Frequently Asked Questions - Business Law

What type of legal entity should I choose for my business?

Choosing how to organize your business requires careful thought and preparation. Beyond picking a jurisdiction in which to register your business, the legal structure of your business will affect your liability risks and your taxes. Ultimately, choosing the right business structure depends on the individual considerations for each business.

The attorneys at Hessian & McKasy, P.A. are experienced in business formation and can help you choose the business structure that is right for your needs, whether that may be a corporation, nonprofit organization, partnership, or limited liability company (LLC).

If my company is sued, can I be personally liable as well?

If my company is sued, can I be personally liable as well?

Organizing your business as a corporation can help protect your personal assets in the event your business is sued. Incorporation creates a legal separation between your personal assets and those of your business. Therefore, unless you are intentionally engaging in wrongful conduct, such as using your business's funds for personal purposes or failing to observe proper business procedures, your personal assets will generally be protected in the event of a judgment against your business.

What is the difference between an employee and an independent contractor?

Persons working for a business are classified as either employees or independent contractors. This designation has substantial importance under state and federal law, as there are many benefits and protections that are afforded to employees that may not apply to independent contractors.

The test for determining whether someone is an independent contractor can vary between jurisdictions. In general, however, whether a worker is an independent contractor or an employee depends on the amount of control that the employer has over the worker. If the employer only has control over the final product of the work, the worker will likely be considered an independent contractor. Conversely, if the employer has control over the manner of the worker's performance, such as by providing certain equipment to be used or setting the hours in which the work must be performed, the worker is likely an employee.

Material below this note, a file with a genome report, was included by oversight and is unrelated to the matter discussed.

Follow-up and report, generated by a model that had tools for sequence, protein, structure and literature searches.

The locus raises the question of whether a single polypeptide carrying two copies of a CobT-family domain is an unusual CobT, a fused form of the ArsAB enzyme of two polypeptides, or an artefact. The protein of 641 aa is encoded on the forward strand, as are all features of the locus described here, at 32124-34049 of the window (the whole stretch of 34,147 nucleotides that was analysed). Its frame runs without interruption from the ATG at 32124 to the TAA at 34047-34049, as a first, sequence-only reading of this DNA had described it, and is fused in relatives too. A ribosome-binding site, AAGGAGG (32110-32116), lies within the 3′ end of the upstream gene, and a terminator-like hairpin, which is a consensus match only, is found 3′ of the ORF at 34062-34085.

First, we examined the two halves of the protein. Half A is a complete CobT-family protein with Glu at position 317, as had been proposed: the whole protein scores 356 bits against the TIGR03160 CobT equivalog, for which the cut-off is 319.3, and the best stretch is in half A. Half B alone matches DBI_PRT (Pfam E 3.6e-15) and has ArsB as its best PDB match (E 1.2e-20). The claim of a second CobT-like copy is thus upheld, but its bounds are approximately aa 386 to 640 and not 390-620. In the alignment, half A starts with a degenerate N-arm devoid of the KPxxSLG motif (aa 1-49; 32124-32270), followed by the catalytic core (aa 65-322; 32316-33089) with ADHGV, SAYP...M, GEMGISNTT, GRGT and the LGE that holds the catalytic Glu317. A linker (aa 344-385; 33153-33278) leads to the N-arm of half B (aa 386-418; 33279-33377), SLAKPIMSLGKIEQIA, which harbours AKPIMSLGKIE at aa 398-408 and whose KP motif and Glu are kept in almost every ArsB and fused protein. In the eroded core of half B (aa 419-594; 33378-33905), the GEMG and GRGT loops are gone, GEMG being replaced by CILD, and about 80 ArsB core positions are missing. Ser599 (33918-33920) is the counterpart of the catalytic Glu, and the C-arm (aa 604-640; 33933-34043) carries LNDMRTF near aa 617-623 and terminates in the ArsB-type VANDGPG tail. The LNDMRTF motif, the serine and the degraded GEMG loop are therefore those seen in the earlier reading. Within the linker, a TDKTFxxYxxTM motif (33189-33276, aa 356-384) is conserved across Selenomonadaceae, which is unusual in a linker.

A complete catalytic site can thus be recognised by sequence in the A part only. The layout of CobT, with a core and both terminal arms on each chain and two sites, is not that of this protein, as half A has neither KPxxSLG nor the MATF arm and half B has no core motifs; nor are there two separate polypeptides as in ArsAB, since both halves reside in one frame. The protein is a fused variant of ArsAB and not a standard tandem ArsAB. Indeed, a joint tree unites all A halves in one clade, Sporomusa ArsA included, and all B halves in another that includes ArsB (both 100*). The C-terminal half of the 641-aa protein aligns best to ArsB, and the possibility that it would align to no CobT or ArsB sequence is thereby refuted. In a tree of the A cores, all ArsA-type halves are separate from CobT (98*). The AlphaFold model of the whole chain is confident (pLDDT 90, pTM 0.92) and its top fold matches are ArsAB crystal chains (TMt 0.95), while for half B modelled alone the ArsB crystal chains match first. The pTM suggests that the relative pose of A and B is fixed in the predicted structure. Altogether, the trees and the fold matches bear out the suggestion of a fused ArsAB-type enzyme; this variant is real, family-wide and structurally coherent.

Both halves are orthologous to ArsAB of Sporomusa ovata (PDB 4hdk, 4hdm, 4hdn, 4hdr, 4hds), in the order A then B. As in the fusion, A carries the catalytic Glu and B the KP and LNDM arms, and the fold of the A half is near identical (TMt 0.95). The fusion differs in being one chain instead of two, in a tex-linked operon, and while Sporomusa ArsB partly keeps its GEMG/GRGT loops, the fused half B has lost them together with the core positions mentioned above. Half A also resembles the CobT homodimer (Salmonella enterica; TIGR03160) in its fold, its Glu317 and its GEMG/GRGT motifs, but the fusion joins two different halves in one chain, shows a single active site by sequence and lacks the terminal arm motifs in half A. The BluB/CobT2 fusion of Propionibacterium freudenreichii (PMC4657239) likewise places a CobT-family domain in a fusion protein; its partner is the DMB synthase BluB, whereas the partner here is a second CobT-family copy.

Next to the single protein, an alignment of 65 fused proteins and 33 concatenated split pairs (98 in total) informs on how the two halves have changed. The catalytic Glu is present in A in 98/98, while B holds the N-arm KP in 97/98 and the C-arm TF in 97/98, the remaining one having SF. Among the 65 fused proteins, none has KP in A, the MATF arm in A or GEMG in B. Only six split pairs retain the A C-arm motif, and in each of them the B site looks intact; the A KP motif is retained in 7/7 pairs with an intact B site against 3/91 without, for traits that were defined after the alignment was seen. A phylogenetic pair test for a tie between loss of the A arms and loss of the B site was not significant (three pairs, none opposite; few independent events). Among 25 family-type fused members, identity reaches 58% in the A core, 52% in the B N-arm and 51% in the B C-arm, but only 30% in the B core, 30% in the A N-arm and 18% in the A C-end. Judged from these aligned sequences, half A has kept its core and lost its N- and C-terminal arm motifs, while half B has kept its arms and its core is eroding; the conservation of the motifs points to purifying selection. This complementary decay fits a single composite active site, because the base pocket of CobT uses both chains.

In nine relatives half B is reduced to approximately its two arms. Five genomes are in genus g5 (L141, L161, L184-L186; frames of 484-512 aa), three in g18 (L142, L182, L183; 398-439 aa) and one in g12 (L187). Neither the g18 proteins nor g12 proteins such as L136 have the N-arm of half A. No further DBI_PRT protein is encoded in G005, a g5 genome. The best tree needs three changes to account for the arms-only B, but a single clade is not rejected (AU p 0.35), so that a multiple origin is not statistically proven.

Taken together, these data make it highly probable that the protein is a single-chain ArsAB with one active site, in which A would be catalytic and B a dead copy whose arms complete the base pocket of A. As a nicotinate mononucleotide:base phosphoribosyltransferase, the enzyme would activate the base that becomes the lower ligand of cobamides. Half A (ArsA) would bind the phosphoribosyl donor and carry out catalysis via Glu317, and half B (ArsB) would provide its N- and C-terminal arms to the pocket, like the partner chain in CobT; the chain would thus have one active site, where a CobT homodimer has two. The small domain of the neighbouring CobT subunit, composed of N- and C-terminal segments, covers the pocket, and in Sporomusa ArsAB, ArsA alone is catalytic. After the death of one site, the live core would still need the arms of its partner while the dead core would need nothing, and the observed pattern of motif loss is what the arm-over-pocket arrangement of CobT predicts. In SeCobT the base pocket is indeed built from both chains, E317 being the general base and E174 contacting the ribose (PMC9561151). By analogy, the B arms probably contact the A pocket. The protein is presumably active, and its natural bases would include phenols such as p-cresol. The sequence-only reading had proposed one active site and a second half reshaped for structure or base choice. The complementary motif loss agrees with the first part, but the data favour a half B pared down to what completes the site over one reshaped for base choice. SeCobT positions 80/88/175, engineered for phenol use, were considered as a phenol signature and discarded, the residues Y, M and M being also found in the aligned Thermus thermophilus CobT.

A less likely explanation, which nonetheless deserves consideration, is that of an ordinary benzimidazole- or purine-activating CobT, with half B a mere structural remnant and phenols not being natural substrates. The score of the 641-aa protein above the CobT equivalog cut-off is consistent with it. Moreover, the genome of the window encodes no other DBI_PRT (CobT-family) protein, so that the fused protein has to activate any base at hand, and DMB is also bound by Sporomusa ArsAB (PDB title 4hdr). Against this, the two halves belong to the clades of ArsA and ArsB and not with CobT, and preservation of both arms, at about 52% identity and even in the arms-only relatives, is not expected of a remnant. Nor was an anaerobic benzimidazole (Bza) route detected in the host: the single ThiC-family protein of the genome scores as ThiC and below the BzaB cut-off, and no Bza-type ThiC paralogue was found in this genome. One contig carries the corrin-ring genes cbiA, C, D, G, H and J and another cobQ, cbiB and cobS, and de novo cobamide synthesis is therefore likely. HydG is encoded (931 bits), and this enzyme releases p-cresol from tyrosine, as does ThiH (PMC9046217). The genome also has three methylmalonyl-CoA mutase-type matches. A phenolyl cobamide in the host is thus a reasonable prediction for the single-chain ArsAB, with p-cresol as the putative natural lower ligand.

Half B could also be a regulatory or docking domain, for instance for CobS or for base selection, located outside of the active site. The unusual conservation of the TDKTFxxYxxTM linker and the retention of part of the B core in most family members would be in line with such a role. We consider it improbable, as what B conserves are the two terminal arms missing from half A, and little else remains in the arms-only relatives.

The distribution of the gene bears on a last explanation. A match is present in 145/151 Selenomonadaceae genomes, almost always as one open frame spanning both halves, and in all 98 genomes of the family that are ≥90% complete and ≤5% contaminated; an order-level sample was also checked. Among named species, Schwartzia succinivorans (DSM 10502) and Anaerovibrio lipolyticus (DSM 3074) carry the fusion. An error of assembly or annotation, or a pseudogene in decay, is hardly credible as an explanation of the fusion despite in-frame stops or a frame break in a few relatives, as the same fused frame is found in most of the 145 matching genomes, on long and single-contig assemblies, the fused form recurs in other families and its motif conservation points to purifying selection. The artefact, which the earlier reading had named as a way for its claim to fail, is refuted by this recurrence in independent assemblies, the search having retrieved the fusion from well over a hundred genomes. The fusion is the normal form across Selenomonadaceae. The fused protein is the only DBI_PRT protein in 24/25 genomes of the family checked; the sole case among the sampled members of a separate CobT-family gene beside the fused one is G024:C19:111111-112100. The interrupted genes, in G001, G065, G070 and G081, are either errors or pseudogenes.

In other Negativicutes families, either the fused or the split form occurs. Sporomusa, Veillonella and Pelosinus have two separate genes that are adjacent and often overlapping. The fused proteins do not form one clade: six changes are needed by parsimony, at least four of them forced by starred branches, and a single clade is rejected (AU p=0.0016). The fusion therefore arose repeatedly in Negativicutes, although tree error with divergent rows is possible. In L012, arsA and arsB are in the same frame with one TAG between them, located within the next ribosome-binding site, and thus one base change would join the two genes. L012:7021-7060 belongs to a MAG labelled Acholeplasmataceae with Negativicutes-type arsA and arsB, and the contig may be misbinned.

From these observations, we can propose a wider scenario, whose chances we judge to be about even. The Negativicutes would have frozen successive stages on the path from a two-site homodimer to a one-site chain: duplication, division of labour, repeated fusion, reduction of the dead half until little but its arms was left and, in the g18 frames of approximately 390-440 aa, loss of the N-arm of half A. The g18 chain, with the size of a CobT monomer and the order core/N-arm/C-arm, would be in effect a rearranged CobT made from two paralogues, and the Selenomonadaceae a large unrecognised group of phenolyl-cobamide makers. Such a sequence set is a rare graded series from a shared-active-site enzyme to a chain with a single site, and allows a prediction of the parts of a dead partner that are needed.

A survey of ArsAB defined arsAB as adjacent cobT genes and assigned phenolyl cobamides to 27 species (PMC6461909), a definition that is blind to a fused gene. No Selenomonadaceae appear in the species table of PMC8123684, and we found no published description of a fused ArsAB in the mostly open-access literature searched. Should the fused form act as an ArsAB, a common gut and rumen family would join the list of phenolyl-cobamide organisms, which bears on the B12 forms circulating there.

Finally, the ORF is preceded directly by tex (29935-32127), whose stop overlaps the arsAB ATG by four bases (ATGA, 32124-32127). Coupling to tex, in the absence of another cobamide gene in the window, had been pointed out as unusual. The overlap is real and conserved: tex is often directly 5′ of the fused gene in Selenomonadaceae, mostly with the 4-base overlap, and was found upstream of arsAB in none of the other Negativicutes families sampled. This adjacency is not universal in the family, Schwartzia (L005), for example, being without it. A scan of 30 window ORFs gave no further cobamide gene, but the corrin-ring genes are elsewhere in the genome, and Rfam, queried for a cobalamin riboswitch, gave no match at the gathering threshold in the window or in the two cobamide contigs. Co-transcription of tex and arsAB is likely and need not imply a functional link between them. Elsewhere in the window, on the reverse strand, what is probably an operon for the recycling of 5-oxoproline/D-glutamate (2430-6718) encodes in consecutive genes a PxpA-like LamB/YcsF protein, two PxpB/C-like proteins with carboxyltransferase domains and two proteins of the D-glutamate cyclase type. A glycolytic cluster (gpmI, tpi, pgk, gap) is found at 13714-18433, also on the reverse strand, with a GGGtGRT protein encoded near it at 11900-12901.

Do I need an employee handbook for my business?

It is smart for even small business to prepare an employee handbook. A well-drafted handbook will establish the rules, rights, and expectations for your employees. Having these policies laid out in advance will clarify expectations and mitigate future litigation.
However, employee handbooks must be carefully worded with your jurisdiction's employment laws in mind. Some states have construed employee handbooks as binding contracts in certain circumstances, even when the employer did not intend to enter a contractual relationship. To avoid potential legal claims, the employer should review their employee handbook with an attorney to ensure compliance with local law.

Should I consider a business succession plan?

If you own your own business and are approaching retirement, you should consider establishing a business succession plan. Establishing a solid succession plan can ensure that when you do retire, your business will smoothly transition to a new owner in accordance with your intentions. The attorneys at Hessian & McKasy, P.A. can also help you integrate a business succession plan into your estate planning, in case anything should happen before you are able to transfer your business on your own terms.